The first time Arbitrary showed me around the daily quests in Mirkwood, I was scrambling along behind her hoping not to get lost. Although there are paths and roads through the zone, it’s also a big dark scary forest without obvious road signs all over the place. Strange as this sounds, obvious road signs (for no obvious reason) do feature in a few of the latter WoW zones. I never understood why Horde/ Alliance didn’t go mess with the signs in order to throw off the opposing armies.

A couple of the quests are scouting missions, in which you have to check out four different locations in order, and then report back to base. There are maps which help navigation, but still, when I started doing these dailies on my own I used to have to keep stopping (in stealth, naturally) to check my map like some kind of lost tourist.

No longer. I was able to save up enough daily tokens to buy a new horse for my character – a nice study black creature which seems fitting for a burglar. And I noticed that I was smoothly completing my scouting missions without having to stop and check maps any more. I feel like a veteran of the Mirkwood front!

goalsblackhorse

I took a screenshot of the new smoky black horse in Bree, since a screenie of a black-clad burglar on a black horse in a black forest might fail to impress. Whereas in WoW, your basic horse will do the job but the more expensive epic mount is faster, in LOTRO the advanced horse runs at the same speed as the basic one but it is a bit sturdier. Or in other words, you don’t fall off it every time a monster looks at you funny. Acquiring one was one of my in-game goals, and I’m pleased that the black one was the more accessible to me from the Mirkwood elves.

The other picture is a demonstration of why glowy daggers and stealthy burglars don’t really mix. Gosh, I wonder where the stealther is in this picture? Fortunately orcs are very very short sighted … or something.

In which I want to slap final fantasy 13

A couple of people commented on my affection for the extremely on-rails presentation of FF13. What can I say? I wouldn’t want every game I play to be linear like this but it’s refreshing to see it done well, like a palate cleanser. In general, the games I have most enjoyed on the PS3 so far have had strongly directed, well designed gameplay. It seems to be a general strength of console games.

Or in other words, I like smoked salmon and could probably eat it for every meal, but I also like other foods and some of them don’t go well with salmon. Ultra-linear, highly directed gameplay is not really what I look for in a MMO, but that doesn’t mean it can’t be fun in its own right.

Having said that, the pacing of FF13 became glacial during chapter 6. I don’t expect to actually feel bored during a Final Fantasy setting. Interestingly, it was the gameplay pacing that was off, the narrative pacing was fine. It’s perfectly OK to have a long sequence in which two characters who didn’t get along have to travel together, and along the course they learn to trust each other.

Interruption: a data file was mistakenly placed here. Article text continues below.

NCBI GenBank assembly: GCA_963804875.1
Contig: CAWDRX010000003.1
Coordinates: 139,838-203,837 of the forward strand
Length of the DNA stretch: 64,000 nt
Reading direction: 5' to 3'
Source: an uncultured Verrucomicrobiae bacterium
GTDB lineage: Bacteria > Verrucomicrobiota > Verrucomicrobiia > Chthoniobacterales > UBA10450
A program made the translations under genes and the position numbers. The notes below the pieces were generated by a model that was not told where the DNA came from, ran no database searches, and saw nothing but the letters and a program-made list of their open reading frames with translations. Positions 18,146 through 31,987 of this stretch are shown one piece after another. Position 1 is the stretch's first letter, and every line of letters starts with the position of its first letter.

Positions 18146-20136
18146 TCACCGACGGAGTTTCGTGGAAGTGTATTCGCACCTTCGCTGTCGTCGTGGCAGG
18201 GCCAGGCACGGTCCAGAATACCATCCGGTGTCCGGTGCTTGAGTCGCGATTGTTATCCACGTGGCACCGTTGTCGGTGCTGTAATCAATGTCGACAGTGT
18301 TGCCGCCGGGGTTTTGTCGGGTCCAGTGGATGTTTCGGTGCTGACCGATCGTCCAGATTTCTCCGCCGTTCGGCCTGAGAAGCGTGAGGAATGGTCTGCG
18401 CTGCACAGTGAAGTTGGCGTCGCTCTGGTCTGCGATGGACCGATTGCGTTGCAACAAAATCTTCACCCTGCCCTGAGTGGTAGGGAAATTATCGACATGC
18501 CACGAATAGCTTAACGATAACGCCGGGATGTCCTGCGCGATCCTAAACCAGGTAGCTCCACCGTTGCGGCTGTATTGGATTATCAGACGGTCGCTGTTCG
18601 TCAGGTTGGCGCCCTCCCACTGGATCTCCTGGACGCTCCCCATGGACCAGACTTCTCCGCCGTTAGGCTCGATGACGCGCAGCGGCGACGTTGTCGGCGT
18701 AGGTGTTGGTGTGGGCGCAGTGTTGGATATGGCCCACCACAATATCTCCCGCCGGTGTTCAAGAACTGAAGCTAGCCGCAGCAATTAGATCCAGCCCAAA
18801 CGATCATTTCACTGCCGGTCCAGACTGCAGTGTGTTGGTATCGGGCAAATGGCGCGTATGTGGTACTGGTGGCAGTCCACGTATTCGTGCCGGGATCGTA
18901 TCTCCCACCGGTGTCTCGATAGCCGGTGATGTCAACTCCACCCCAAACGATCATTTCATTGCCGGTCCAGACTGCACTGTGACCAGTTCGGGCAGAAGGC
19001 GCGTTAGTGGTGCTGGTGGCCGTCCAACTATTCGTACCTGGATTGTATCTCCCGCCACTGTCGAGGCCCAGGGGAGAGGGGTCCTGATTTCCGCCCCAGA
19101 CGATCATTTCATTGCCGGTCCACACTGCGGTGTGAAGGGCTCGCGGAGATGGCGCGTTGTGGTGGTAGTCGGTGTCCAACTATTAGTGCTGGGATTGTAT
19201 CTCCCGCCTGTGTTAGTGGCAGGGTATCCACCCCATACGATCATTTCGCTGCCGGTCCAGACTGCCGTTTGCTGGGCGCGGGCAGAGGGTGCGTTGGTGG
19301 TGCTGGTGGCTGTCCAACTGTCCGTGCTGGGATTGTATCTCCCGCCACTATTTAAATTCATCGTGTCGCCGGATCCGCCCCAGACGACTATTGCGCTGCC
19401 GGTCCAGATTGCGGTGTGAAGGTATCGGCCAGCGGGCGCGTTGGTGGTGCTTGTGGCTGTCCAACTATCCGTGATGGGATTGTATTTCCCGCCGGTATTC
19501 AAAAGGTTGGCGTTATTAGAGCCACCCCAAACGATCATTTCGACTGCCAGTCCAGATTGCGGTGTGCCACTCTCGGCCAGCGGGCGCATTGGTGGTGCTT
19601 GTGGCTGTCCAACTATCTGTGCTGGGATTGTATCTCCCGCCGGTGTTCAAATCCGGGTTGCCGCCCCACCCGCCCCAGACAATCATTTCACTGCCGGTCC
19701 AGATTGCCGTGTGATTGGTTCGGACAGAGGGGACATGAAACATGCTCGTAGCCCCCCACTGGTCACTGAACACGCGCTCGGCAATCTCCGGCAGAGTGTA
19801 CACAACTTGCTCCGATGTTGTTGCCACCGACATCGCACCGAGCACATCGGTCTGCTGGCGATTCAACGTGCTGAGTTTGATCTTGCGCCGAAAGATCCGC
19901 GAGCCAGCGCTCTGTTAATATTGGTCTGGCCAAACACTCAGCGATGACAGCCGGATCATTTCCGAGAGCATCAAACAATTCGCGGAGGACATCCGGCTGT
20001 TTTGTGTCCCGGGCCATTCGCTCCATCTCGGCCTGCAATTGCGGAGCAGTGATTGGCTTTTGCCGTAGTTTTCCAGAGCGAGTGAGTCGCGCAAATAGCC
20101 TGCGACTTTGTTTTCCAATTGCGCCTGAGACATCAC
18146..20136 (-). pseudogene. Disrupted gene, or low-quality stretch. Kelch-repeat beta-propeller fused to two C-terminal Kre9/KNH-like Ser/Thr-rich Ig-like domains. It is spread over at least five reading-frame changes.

Just usually in films you’d go to a travelogue or montage sequence to show the passage of time without boring the pants off people via a sequence of forgettable fights.

odinlightning

But I am a mercurial gamer and the game picked up massively in chapter 7. So now I love it again, I genuinely enjoy all of the characters and their development arcs, and can’t wait for our next session. It’s quite a feat of storytelling to show such marked character development for all of the main characters. They don’t quite pull off the marriage of gameplay with narrative, but I still love what they are trying to do.

Also, Lightning is awesome.

Can SWTOR really get 2 million subs?

A few bloggers have picked up on a report that EA chiefs have high hopes for Star Wars: The Old Republic, and are shooting for 2 million+ subs. I’m not linking to them all because what everyone says is, “Is that realistic?”

Yes. Star Wars is a big and very well known franchise. But if that was all it took, then why isn’t LOTRO larger than World of Warcraft? Still, it certainly helps to get word out of the door, and Bioware’s stonking recent record of story based games (Dragon Age, Mass Effect et al) surely doesn’t hurt either.

I can only conclude that:

  1. Bioware have a lot on their plate at the moment. They’re known to be working on Mass Effect 3, and almost certainly on a Dragon Age 2 (sequel). On top of that, SWTOR is a vast undertaking and also the most expensive project in EA’s stable at the moment.
  2. SWTOR is an incredibly risky project. I’m still amazed that both EA and Bioware chose to go the AAA MMO route at this point in time.
  3. SWTOR rather failed to blow reporters away when they tried a demo at GDC. People liked it, but no one came away saying, “Oh my god this is the next big thing, give it to me now etc etc.” Having said that, the trooper sounds quite fun – a dps class which can switch from ranged to melee and has big guns.
  4. I think they will get their 2 million subscribers. They may end up redefining what a subscriber means, especially if they go with a hybrid pricing model but they’ll get the numbers.
  5. I’ll play it! So now they only have to find 1,999,999 other people and they’re golden.
  6. But I’ll still wish it was Mass Effect Online rather than Star Wars …

And the gratuitous female fighter in platemail picture

alg_alice_wonderland_vid

From Alice in Wonderland, of all things. But now I wish Tim Burton would take on The Faerie Queene as a project — I’d pay just to see the visualisations.